“Is the DA warranted in opening the new charges? I would think yes,” Vitiello wrote in an email. “The video had many members of the public unsure why charges were not brought—in light of some substantial evidence, a full investigation, probably leading to a trial, would be warranted.”

Tennis told SN&R the department attempted to fire his partner, but that Lozoya was able to medically retire prior to receiving a termination letter.

Police Chief Daniel Hahn said he was prohibited from discussing personnel issues, even regarding former employees. “All of the video was released,” Hahn said. “Part of the reason we released it was so people could come to their own conclusion.”

Robert Mann has watched those videos. The three dashboard camera recordings from the officers on scene and the silent surveillance video that shows the shooting are the last images Robert has of his little brother Joe. For Robert, they tell a story in two parts: Officers who did their jobs correctly—and the two who erased a life they didn’t have to.

“I don’t have a law enforcement problem,” Robert said. “The problem is with those that are not doing their job correctly, that are abusing their power. They know that they can hide behind the badge. They know that the DA is not gonna drop any charges on them.”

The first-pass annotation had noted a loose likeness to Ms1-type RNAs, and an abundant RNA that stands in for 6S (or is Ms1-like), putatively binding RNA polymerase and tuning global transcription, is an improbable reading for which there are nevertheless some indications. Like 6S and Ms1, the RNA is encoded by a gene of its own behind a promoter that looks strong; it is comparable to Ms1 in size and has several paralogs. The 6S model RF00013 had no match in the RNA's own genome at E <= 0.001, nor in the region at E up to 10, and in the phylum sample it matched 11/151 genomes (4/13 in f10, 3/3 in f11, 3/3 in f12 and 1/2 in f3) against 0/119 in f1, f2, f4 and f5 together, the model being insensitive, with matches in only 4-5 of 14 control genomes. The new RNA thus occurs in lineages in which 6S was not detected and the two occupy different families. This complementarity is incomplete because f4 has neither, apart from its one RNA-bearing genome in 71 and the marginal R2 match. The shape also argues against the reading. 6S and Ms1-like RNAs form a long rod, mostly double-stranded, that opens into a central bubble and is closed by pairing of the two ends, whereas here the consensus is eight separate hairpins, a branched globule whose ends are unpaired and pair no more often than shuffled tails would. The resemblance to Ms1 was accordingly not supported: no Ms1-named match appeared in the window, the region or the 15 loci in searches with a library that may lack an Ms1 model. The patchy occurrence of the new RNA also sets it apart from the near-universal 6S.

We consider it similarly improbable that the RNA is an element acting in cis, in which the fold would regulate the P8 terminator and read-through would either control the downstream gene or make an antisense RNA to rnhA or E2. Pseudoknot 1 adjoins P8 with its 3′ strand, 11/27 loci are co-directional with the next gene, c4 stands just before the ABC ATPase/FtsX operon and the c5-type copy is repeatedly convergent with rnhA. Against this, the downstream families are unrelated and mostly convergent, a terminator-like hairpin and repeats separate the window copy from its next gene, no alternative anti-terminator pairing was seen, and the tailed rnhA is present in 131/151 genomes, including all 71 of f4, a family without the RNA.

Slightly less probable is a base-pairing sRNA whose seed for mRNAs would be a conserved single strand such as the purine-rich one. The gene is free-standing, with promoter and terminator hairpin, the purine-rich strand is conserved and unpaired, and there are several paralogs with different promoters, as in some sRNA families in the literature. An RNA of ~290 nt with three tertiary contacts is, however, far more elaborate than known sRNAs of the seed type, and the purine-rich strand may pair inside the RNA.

It’s never been easy to prove murder by peace officers, because they are judged by their perception of danger, not by the realities of it. In other words, officers are justified in using force if they reasonably believe their lives or public safety is in danger. Piercing that defense means convincing a jury that an officer is lying about what was in their head at the time of the encounter.

Both Vitiello and Phillips say the odds of a successful prosecution against a peace officer could be enhanced by pursuing lesser charges, like manslaughter or assault with a deadly weapon.

“The way I see it working in the future is charging manslaughter,” Phillips said by phone. “If you can’t sell it … then you’re going to instill a lack of trust, both in law enforcement’s work and our work as a prosecutor.”

Meanwhile, Tennis’ unfiltered approach to telling his story may provide ammunition for a prosecutor looking to use it.

A few months before he aimed his car at Mann, Tennis told SN&R he responded to an assault near Grant High School. The reports were of a black male teen beating up on his girlfriend and jumping on a car, Tennis said.

Tennis said he was driving down an alleyway when the 15-year-old suspect and an officer veered into his path. He said he braked, but clipped the suspect and the officer with the corner of his car “at less than 5 mph.”